Flower arranging is part of a traditional Montessori school. On Monday we usually get a bouquet of flowers and put them out at the flower arranging table. Children are given a lesson on how to complete this task. It involves many steps and young children are quite attracted to the whole process. First the put on an apron, fill the small water pitcher, get a vase and a doily and choose the flower to be “arranged.” Usually they put one flower in a vase (after it is properly trimmed) and place that vase on a table. They notice that the classroom looks beautiful when they are finished.
This past week we were lucky enough to have a parent who is also a Montessori trained teacher come to give us a lesson in flower arrangements. Melissa has been to many workshops and classes to learn this skill.
Melissa brought in many types of flowers.
She showed the children how to choose the ones to begin with and them trim them down.
Start with the greens and begin at the bottom.
The children were captivated by this lesson.
Melissa demonstrated just how they should cut each flower.
Melissa created this beautiful arrangement for our classroom.
She also graciously prepared many small mason jars for the children and left all of the flowers so they could practice this skill all week.
Some of the children absorbed so much of this lesson.
One three year old arranged several jars full of flowers and took them home at the end of the week.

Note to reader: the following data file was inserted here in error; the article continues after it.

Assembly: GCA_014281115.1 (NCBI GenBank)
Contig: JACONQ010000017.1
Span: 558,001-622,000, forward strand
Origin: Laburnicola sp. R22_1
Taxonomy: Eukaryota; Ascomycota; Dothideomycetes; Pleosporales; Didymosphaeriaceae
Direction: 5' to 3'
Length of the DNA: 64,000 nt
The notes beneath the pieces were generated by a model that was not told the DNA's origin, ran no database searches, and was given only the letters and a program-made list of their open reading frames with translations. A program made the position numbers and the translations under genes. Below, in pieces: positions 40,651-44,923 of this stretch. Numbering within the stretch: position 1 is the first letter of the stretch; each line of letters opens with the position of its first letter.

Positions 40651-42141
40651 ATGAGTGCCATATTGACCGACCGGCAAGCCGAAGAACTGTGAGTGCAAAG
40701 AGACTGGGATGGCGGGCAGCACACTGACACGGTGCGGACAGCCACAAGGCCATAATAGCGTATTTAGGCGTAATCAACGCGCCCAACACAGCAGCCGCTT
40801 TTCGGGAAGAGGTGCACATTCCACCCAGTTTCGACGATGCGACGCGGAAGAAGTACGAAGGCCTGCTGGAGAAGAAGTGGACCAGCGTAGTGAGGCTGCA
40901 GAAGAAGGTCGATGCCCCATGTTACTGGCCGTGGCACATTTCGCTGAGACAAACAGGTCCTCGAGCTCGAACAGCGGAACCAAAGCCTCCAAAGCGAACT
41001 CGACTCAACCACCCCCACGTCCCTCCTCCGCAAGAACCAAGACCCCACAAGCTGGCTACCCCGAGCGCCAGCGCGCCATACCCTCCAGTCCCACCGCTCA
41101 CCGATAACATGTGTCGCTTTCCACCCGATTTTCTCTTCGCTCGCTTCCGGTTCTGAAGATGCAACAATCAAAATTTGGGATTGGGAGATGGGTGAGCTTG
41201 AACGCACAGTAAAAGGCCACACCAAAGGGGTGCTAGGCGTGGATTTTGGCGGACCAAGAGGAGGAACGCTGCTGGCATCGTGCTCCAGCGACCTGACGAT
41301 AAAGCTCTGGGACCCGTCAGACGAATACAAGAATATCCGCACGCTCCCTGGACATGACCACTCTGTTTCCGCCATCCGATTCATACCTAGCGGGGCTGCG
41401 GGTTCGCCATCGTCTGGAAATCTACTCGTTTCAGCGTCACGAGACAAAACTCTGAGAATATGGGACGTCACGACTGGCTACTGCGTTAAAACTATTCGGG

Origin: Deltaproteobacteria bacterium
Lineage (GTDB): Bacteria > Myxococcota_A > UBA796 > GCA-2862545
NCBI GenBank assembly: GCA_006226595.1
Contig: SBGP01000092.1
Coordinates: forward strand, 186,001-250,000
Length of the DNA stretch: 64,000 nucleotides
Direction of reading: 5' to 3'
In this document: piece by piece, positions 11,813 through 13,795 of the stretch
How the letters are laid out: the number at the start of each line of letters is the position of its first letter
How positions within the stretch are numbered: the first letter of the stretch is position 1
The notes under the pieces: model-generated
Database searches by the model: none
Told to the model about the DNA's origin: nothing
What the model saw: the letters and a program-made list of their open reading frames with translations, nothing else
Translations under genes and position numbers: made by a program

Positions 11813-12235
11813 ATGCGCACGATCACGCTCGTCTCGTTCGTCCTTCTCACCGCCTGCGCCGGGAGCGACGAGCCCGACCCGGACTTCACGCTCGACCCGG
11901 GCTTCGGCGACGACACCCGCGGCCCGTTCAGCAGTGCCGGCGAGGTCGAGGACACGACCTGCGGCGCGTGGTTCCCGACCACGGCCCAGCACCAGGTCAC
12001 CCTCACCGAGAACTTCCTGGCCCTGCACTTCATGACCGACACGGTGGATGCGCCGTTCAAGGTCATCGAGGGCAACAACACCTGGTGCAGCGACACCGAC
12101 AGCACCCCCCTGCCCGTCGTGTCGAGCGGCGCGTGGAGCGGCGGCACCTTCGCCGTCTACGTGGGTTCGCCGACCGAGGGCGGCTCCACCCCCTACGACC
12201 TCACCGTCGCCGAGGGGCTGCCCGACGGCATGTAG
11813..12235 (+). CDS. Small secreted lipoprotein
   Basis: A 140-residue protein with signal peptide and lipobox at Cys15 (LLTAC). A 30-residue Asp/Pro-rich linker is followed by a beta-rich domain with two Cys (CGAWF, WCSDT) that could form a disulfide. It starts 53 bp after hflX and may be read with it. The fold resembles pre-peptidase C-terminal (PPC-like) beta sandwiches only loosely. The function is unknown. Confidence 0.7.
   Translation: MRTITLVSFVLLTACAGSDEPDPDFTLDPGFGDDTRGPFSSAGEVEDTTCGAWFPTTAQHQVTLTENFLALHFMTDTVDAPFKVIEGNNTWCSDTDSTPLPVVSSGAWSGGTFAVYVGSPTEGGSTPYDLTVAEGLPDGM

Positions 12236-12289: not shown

A huge thank you to Melissa for her generosity and time! We are so lucky to have parents that are willing to share their skills with the children!
Weaving is always popular! It engrosses many children and they enjoy all of the work we have to offer. The children learn about the weft (yarn or paper that goes right and left) and the warp (top to bottom). This work allows a child to have time to sit and build concentration and fine motor skills. Some sit with a friend and chat together and some prefer to do it alone. Either way, weaving is enjoyed by many children!
Paper weaving, individual weaving and a large community project.
It was a fun first full week of school!
The returning children went back to work right away! It is lovely to see them rediscovering old works such as mopping, cloth washing, washing a baby and doing addition and subtraction with the stamp game and small bead frame. The new children learned many new things! They learned some rules in the classroom (Grace and Courtesy) such as how to walk inside, how to ask someone to move, how to carry a tray, how to walk around someone’s work and how to ask for help from a teacher or older student. The new children also had lessons in self-care such as how to wash hands, how to get a drink and how to cover your mouth (with your elbow) when you sneeze or cough.